California's Breadbasket Bites Back
HANFORD, CALIF. — Rising above the quilt of wheat, corn, and almond fields, the tell-tale ring of ruddy haze conveys the story: Growing pollution and development are threatening America's most diverse and productive farmland.
From Redding in the north to Bakersfield 450 miles south, it used to be a clear, 50-mile vista from the Sierra Nevadas across the Central Valley to the coastal ranges. But the valley now often resembles a giant bathtub of brown soup worthy of the skies over Los Angeles.
The sight owes partly to dust from tractors, mist from fertilizers, and pesticides that help grow half the nation's produce. But farmers say most of the smog is from people moving in - 1.8 million since 1982, taking 150,000 acres of farmland out of production. A tripling of population in 18 counties by 2040 could consume another million acres and remake America's breadbasket in the image of congested cities to the north and south.
"Our nation's premier farming area is being needlessly lost to poorly planned growth," says Jack Pandol, head of a coalition representing most of the valley's 40,000 farmers. Today, his coalition is singling out rapid urban development as a serious threat to the nation's foremost farming region and is proposing 10 sweeping measures to safeguard the area's agricultural economy and resources.
"We would never allow our national parks, our coal or oil reserves, our best and most-productive plants and factories, or other strategic national resources to be overrun in this fashion," says Mr. Pandol. Six of the nation's top 10 agricultural counties are in the Central Valley, producing more than 250 commodities and $16 billion of the state's $24.5 billion farm crop. "Why then are we permitting it to happen to the nation's most-productive food factory?" he asks.
Formed nearly two years ago, the Agricultural Task Force for Resource Conservation and Economic Growth in the Central Valley has brought federal, state, and local government officials to the same table with environmental groups, real estate brokers, and the agriculture industry. Members include most of the top agriculture groups in the state, including the California Farm Bureau Federation, the California Association of Farm Managers, and leading ranchers.
"We simply felt that it was time for agriculture to speak for itself out of some kind of consensus," says Mike Chrisman, vice chairman of the group. "We feel this is a crucial turning point for growth issues in the Central Valley."
Among the group's recommendations is the simple, formal recognition that agriculture is a legitimate and necessary land use that contributes to the local, state, and national economies and is not merely a way station for urban development.
The group also wants to require buffers on newly created urban edges in cities and unincorporated urban areas. It would strengthen "right to farm" laws, too. Some counties have instituted such laws - which mandate that new residents sign disclosure notices that they're aware of noise, dust, insects, animals - while others have not.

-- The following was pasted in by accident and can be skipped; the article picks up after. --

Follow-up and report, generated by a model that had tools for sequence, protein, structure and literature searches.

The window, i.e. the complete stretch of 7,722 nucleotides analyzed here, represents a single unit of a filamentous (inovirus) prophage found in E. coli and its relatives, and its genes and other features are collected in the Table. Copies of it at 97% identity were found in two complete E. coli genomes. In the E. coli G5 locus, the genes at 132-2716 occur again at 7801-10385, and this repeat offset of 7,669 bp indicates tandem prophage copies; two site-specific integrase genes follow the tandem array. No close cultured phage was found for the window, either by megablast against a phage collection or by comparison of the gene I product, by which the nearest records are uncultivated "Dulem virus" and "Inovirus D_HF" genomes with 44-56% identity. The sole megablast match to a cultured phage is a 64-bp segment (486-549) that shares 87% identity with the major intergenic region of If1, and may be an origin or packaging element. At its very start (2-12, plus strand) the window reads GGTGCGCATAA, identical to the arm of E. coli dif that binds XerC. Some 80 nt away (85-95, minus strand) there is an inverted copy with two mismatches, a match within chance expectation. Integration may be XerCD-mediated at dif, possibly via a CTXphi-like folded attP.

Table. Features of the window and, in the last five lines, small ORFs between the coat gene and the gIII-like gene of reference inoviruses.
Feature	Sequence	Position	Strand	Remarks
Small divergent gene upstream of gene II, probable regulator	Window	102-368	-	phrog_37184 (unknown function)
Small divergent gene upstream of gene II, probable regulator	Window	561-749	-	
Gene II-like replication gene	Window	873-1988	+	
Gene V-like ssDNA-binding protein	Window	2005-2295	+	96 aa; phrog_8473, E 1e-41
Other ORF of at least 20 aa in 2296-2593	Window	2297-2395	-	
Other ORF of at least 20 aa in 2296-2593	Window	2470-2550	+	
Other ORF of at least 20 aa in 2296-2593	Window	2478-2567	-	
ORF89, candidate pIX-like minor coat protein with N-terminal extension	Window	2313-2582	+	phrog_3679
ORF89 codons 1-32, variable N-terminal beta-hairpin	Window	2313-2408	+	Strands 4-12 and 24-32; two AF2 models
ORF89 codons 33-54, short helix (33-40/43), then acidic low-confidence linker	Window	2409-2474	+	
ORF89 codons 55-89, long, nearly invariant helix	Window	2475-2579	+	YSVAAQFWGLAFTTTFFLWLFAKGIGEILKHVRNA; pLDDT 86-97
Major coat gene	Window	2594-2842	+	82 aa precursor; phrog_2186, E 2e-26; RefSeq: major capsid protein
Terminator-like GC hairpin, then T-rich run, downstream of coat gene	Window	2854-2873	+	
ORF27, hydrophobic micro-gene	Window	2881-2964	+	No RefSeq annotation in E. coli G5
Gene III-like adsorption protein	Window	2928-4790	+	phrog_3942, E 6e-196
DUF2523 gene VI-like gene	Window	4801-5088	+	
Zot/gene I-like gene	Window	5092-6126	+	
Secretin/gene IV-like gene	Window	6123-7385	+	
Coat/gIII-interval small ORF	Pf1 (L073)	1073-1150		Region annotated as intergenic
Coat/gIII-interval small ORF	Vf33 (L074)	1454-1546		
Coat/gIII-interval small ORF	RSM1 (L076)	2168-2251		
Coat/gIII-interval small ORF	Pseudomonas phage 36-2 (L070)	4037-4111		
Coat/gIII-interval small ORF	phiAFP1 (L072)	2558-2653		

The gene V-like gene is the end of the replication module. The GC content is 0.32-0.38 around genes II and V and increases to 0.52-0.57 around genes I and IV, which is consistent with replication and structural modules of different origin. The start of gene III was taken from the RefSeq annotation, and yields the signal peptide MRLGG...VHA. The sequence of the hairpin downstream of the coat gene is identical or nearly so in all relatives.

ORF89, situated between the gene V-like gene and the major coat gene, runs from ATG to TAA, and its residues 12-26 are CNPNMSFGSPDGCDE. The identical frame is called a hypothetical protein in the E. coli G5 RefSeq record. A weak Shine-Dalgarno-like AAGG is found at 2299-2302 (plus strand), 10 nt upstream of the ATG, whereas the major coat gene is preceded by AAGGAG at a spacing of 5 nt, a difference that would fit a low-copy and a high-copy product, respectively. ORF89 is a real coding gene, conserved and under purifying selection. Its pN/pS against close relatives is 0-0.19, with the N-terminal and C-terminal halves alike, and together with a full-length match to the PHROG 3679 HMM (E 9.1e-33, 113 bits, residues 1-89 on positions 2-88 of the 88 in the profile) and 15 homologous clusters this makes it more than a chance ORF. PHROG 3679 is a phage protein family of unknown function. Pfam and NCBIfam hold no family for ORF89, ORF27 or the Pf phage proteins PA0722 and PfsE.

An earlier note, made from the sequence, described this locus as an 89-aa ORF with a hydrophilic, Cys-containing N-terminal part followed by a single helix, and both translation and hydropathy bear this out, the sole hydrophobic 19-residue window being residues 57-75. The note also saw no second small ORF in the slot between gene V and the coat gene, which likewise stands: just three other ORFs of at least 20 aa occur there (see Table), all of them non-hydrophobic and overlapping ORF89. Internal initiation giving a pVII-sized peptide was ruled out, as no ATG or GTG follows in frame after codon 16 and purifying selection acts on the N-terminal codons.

"People pour in here because they want the rural life, clean air, sweeping views and don't realize by their very coming they threaten the way of life that maintains that setting," says Judy Freitas, a planning commissioner in Kings County and fourth-generation farmer. "There needs to be some serious consciousness-raising."
Other principles include ensuring that farmers get easy and cheap access to water; forcing developers to find new water before their developments are approved; standardizing across each county the plans and incentives to limit growth to cities; and expanding California law to allow more analysis of the potential environmental impact of development.
The task force also wants cities to corral growth within their own boundaries - rather than continuing to sprawl onto farmland.
The task force's plan "is a very important recognition that we in America have a frontier mentality to just push outward if it is possible, rather than upward," says Marc Reisner, an author and leading authority on water and farm issues in the West. "European cities have recognized the strategic importance of their own farm industries and have developed an island mentality instead. We should learn from this."
Indeed, some see national security at stake. "Demands for food are only going to grow globally, and such a comparable region for productivity is not going to be available," says Tim Warman, vice president for programs at American Farmland Trust in Washington. "The thought that we can continue to replenish domestic food sources with imported food from overseas is extremely shortsighted."
But even before release of the recommendations, developer groups have already taken issue with some of the task-force premises, although they welcome fresh dialogue.
"It is the demand of people who want to live in these areas with inexpensive, affordable housing and cannot find it elsewhere that is driving this," says Rex Hime, president of California Business Properties Association.
Squeezed out of Bay Area
He notes that environmental groups in the San Francisco Bay region have helped push development in the Central Valley by closing off 600,000 acres in the Bay Area over recent years to development. Demand for housing pushes up real estate value, luring farmers to sell their land and local governments to support such sales to attract higher tax revenue. "There is plenty of land for farms as well as schools, homes, and shopping centers," says Mr. Hime.
Some environmental groups are questioning key task-force recommendations. "We support the goal of ending sprawl in the Central Valley," says the National Resource Defense Council's Ronnie Cohen, a policy analyst. "But we would urge them to focus on besides ones that justify additional water to farms instead of environmental and industrial uses."